Wednesday, November 30, 2016

Currently: Turkey edition

I've been working in southern Turkey for more than a month now (crazy!) so I figured it was high time to record a slice of what life looks like right now.

Exploring: the mosaic museum, the old castle, and the Euphrates River. This part of the country is not highly-touristed by international travelers and it doesn't have the flashy Mediterranean views or fairy chimneys of other part of the country, but the corners I have seen of it have been delightful. You can't really travel in the Middle East and North Africa without tripping over a Roman mosaic, so I thought I had seen them all, but the mosaic museum here is mind-blowingly good. And last weekend we drove down to a spot on the Euphrates River where you can take a boat ride past an ancient castle, man-made caves in the hills, and a city that sunk during the Birecik dam project, and eat dam fish in a delightful village.

Enjoying: doing work that's in that elusive sweet spot where I'm comfortable enough with what I'm doing that it's not totally overwhelming, but it's challenging enough that I'm learning. Where I have enough work that I need to keep a close eye on my to-do list but not so much that I want to cry.

Writing: like I'm running out of time. Which I am for submitting a couple of additional grad school applications to Boston-based schools.

Eating: so well. During the day, folks in the office often order in or go out for Turkish or Syrian food. It makes for a quick and delicious route to cultural tourism. Gaziantep is famous throughout Turkey for its kebab and baklava since we are in a major pistachio-going region. In the evenings, I generally cook for myself and it's nice to have that familiar routine to balance it out. As snacks, I've also been eating a ton of pomegranates and Magnum bars. When traveling I am much more likely to treat myself - unfamiliar and sometimes challenging circumstances demand comfort food.  I only occasionally buy ice cream bars at home but here I eat one most nights and I am not sorry. Even better is the fact that they come in pistachio, hazelnut, and tahini flavors.

Running: a lot. I live conveniently very close to the gym within my already convenient gated community and I've gotten in a good habit of regularly going a few times a week. For the last three years I have set the goal of running 365 miles and then as my interest in running waxes and wanes over the year, I quickly fall behind. This year is no exception, but with no Bar Method to keep me away from the treadmill, at least I am finishing strong. Work trips often mean late nights, heavy food (so much shawarma!) and little opportunity to work out, the combination of which leave me feeling sluggish, so I'm glad I've been able to build in a consistent exercise routine here.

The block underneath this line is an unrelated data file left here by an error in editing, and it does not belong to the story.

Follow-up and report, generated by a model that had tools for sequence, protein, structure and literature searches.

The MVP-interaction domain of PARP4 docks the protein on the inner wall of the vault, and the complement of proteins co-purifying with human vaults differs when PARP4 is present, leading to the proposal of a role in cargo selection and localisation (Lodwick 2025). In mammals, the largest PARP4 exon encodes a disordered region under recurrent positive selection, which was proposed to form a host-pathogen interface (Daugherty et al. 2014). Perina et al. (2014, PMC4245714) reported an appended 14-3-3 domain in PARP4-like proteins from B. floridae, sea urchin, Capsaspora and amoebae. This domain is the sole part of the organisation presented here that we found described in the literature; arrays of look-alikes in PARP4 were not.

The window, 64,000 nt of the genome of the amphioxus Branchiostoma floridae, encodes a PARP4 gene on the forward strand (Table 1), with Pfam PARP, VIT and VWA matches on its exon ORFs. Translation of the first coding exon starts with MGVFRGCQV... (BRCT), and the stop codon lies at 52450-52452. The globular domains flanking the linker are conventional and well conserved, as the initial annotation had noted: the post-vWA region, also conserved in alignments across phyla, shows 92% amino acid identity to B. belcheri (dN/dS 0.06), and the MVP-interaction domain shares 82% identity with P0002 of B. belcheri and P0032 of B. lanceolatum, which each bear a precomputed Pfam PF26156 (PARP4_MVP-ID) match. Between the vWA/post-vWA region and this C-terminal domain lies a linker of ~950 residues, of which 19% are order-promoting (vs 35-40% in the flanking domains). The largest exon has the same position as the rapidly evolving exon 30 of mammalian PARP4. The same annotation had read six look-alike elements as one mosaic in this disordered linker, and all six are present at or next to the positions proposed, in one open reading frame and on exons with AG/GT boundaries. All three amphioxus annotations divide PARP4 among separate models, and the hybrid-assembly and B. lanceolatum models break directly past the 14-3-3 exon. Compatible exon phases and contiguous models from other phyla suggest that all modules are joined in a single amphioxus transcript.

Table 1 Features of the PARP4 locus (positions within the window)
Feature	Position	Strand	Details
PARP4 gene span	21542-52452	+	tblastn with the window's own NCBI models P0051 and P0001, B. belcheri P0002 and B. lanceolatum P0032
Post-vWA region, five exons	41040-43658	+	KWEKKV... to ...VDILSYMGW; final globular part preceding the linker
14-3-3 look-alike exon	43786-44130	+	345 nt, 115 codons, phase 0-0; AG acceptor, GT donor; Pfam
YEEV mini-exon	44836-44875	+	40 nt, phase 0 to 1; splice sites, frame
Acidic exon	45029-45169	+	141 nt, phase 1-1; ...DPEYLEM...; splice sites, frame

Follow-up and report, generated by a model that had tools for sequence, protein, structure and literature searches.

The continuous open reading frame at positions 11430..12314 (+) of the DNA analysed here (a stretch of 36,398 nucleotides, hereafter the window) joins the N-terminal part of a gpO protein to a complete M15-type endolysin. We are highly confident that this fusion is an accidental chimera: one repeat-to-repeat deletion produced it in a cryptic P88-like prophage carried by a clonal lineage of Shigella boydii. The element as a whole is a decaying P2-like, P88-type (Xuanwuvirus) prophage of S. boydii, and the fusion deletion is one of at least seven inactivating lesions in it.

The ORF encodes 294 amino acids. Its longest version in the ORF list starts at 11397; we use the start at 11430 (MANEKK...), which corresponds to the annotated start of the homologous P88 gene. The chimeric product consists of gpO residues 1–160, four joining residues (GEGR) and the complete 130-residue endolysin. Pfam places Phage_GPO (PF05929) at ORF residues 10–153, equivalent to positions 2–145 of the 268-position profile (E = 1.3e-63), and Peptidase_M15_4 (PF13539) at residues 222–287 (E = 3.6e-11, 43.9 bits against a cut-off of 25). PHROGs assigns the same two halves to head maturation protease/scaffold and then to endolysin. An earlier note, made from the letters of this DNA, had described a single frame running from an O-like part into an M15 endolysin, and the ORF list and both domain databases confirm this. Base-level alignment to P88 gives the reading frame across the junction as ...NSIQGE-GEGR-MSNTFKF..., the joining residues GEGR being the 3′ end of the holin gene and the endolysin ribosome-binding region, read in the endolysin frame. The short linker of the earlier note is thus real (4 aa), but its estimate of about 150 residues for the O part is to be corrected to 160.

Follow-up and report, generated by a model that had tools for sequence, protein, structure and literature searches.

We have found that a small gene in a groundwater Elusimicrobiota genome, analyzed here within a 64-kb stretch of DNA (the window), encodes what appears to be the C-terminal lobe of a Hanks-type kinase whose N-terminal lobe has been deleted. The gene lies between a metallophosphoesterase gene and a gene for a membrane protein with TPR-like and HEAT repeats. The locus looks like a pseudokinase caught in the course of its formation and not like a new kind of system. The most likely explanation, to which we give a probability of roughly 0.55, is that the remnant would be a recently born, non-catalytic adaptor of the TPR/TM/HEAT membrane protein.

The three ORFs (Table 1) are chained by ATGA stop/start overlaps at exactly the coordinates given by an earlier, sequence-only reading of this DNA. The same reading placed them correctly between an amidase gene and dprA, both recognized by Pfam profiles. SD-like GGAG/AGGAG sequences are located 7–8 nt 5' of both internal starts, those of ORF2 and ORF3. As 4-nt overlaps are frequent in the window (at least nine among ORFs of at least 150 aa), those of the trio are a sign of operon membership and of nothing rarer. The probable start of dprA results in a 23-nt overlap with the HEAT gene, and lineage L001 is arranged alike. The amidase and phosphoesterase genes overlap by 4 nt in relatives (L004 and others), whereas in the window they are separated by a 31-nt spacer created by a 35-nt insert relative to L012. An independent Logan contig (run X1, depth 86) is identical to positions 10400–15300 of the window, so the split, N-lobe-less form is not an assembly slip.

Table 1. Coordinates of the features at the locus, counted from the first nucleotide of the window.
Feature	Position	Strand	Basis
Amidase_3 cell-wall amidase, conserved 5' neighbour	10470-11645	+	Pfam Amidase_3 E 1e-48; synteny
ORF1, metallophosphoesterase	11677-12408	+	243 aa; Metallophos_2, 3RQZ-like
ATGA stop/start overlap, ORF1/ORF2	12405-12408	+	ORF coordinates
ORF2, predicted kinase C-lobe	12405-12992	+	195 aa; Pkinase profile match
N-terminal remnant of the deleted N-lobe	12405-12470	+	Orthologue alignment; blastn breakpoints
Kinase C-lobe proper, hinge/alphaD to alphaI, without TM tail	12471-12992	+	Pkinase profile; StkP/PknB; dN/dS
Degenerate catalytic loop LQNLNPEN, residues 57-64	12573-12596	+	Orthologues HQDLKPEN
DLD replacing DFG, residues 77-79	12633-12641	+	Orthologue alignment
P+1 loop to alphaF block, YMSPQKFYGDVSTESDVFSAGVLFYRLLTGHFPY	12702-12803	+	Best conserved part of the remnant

Listening to: Harry Potter and the Sacred Text. I am always reluctant to subscribe to a new podcast because I listen to so many, so new pods really have to prove themselves if they are going to stay in rotation. This is, as promised, a reading of Harry Potter as a sacred text. I initially thought that meant they would talk about the literary and biblical allegories ("Lupin means wolf!") in the text, which I feel like I've gotten plenty of over the years. Instead it's a close reading of Harry Potter with a view towards its spiritual lessons. done by folks pursuing non-traditional ministries at the Harvard Divinity School. It is like a balm for the soul, especially when my political podcasts have my heart racing and my head spinning. It reminds me a bit of Unitarian church (where, appropriately enough, the head minister looks just like Harry Potter to me).

Laughing: at myself for writing more in the Harry Potter paragraph than anywhere else in this post.

Watching: Outlander. As a story of a 27-year-old stranger in a strange land, it's proving to be surprisingly resonant for me at the moment. And the Scottish scenery feels very cozy this time of year.

Reading: Life after Life. Loving it even if the passages on Hitler's rise to power are hitting a little too close to home these days.

Buying: a lamp, wine, and cheese. Even though Turkey stayed on summer time this year (i.e. did not end Daylight Savings Time) and the sun sets an hour later than it might otherwise, it still gets dark early. Better lighting and creature comforts are making all the difference on long winter evenings.

Missing: Halloween and then the election and now Thanksgiving. I'm so glad to be here but a little wistful about being far away during such an eventful time.

Learning a ton - just how I like it.

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